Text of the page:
Moving forward

Ultimately, the greenium can help drive the expansion of the green bond market. As seen in the graph below, some claim that the greenium is shrinking.11 Unfortunately, the green bond market registered a y-o-y fall of 25% in FY 2022, ending at USD 450 billion in issuances.12

Figure 3: Financial Times analysis of disappearing greenium

Source - Financial Times

Though green bonds are increasingly becoming a source of capital for funding green infrastructure in line with national green infrastructure targets, much is left to be done. For example, Indian RE developers have tapped the green bond market to refinance loans worth USD 3.3 billion in FY 2021, but the general issues of low liquidity and credit rating constraints continue to loom.13

Countries like India, which require significant investments of over USD 10 trillion14 to realise their net-zero targets but which have comparatively small (USD 600 billion15) corporate bond markets, should push for reforms in financial regulations and practices to develop a strong green bond market in order to command a greenium. They should aggressively issue sovereign green bonds that signal the market towards these types of instruments. Sovereign bonds also have the additional advantage of low risk of default and pushing quantitative easing. Simultaneously, the investor base should be widened to include retail investors and foreign institutional investors (FII’s) in green bond markets. Another key intervention is to develop green taxonomies and incorporate ESG disclosure standards in business reporting so that investor demand for green thematic debt increases, giving issuers a higher probability of realising a greenium.16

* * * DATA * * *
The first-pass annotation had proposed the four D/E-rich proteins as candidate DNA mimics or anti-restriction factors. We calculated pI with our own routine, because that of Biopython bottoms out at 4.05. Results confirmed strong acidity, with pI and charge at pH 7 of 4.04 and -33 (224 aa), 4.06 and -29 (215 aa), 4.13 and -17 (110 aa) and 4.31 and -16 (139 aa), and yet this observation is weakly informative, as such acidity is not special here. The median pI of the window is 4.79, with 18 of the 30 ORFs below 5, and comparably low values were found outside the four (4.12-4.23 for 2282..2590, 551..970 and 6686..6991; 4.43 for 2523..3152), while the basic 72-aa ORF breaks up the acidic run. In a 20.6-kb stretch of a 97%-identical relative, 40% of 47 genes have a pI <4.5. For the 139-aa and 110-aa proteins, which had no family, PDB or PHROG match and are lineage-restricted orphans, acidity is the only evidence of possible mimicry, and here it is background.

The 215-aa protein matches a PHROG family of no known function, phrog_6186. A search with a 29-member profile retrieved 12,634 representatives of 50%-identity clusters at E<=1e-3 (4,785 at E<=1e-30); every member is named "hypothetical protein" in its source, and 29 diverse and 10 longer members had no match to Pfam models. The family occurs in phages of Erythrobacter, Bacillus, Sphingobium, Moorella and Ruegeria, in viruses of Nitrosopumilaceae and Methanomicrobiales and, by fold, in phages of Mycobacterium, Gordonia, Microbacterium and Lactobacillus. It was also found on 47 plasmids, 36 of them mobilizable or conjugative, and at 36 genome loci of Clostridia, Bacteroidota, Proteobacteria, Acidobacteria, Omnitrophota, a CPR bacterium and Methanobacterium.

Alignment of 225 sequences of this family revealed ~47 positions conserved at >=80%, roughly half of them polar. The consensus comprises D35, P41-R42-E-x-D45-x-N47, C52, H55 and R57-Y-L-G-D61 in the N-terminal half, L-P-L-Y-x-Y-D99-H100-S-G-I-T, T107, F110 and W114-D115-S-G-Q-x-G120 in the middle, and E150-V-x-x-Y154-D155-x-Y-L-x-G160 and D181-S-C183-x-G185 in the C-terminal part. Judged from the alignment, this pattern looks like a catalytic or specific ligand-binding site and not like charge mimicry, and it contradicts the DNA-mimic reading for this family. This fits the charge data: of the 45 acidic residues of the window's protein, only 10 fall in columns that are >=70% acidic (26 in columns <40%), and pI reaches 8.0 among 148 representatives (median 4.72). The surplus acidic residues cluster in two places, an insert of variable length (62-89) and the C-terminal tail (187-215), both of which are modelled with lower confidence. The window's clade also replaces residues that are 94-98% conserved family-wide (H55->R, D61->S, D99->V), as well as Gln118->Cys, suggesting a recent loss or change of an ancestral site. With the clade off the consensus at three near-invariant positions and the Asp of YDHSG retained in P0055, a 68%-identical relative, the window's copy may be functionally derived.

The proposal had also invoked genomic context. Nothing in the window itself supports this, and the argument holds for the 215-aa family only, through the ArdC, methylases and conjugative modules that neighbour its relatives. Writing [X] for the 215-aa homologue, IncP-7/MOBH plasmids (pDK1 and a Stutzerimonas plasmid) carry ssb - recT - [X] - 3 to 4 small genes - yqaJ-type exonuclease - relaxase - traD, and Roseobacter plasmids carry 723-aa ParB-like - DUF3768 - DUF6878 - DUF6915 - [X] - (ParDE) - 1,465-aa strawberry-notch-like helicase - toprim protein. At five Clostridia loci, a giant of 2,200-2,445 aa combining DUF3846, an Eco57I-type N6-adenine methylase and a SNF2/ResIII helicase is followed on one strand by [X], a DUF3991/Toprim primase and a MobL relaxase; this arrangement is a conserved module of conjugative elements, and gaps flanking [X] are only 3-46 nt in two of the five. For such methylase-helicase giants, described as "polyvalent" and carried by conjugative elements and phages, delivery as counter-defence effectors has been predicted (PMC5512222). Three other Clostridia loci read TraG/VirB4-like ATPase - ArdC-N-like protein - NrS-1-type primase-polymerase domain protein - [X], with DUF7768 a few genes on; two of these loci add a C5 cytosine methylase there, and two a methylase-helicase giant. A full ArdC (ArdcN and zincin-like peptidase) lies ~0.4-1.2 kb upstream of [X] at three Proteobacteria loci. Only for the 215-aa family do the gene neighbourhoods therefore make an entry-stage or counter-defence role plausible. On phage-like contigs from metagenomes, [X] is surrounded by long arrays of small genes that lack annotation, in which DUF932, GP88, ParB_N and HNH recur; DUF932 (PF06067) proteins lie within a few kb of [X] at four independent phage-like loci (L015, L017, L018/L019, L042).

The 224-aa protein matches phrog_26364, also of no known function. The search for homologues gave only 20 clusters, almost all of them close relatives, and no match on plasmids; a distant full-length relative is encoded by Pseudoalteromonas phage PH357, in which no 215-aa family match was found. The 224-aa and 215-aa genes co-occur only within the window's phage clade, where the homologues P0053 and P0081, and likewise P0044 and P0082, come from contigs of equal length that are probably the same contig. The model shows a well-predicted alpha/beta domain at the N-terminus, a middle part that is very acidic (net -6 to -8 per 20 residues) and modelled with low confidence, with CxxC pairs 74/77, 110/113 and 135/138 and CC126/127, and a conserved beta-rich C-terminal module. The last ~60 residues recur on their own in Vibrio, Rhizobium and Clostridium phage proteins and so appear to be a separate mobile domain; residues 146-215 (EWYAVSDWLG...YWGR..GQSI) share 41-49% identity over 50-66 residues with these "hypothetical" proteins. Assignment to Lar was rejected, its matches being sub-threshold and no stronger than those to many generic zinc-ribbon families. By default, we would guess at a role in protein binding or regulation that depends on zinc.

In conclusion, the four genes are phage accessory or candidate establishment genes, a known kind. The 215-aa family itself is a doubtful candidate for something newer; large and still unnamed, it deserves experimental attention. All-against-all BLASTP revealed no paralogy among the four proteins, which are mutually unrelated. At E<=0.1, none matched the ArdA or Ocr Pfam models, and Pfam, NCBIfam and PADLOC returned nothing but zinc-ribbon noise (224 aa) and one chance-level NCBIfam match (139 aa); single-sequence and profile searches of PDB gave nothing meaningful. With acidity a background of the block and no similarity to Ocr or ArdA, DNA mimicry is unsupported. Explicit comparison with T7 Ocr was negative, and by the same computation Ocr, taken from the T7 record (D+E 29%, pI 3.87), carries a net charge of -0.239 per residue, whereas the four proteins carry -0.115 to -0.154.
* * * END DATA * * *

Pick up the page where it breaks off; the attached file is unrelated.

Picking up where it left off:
Whether the greenium is driven by the appeal of sustainability or investor rationale is debatable but it is clear that emerging markets can take lessons from the playbook of existing issuances to exploit this advantage for their own prosperity


  • [1] https://www.oecd.org/environment/cc/Green%20bonds%20PP%20%5Bf3%5D%20%5Blr%5D.pdf
  • [2] https://link.springer.com/article/10.1007/s40822-020-00165-y
  • [3] https://www.climatebonds.net/2021/09/greenium-remains-visible-latest-pricing-study
  • [4] https://link.springer.com/article/10.1007/s40822-020-00165-y
  • [5] https://www.sciencedirect.com/science/article/abs/pii/S0165410120300148
  • [6] https://www.ecb.europa.eu/pub/pdf/scpwps/ecb.wp2728~7baba8097e.en.pdf
  • [7] https://link.springer.com/article/10.1007/s40822-020-00165-y
  • [8] https://papers.ssrn.com/sol3/papers.cfm?abstract_id=4227559
  • [9] https://www.icmagroup.org/assets/documents/Sustainable-finance/2021-updates/Green-Bond-Principles-June-2021-140621.pdf
  • [10] https://www.ecb.europa.eu/pub/pdf/scpwps/ecb.wp2728~7baba8097e.en.pdf
  • [11] https://www.businesstimes.com.sg/companies-markets/goldman-says-goodbye-greenium-esg-now-priced-all-debt
  • [12] https://www.spglobal.com/marketintelligence/en/news-insights/latest-news-headlines/global-green-bond-issuance-poised-for-rebound-in-2023-amid-policy-push-73931433
  • [13] https://www.ceew.in/cef/system/market_handbooks/handbook_pdfs/000/000/004/original/CEEW-CEF_Market_Handbook_2020-21_12May21.pdf?1621353935
  • [14] https://www.ceew.in/cef/solutions-factory/publications/CEEW-CEF-Investment-Sizing-India%E2%80%99s-2070-Net-Zero-Target.pdf
  • [15] https://www.financialexpress.com/money/democratising-the-bond-market-to-fuel-the-next-step-in-indias-growth-journey/2932654/#:~:text=The%20bond%20market%20in%20India,%240.6%20trillion%20for%20corporate%20bonds.
  • [16] https://timesofindia.indiatimes.com/city/indore/green-bond-oversubscribed-three-times-at-720-crore/articleshow/97934119.cms


CEF Analysis” is a product of the CEEW Centre for Energy Finance, explaining real-time market developments based on publicly available data and engagements with market participants. By their very nature, these pieces are not peer-reviewed. CEEW-CEF and CEEW assume no legal responsibility or financial liability for the omissions, errors, and inaccuracies in the analysis.
Filled under: Clean Energy Finance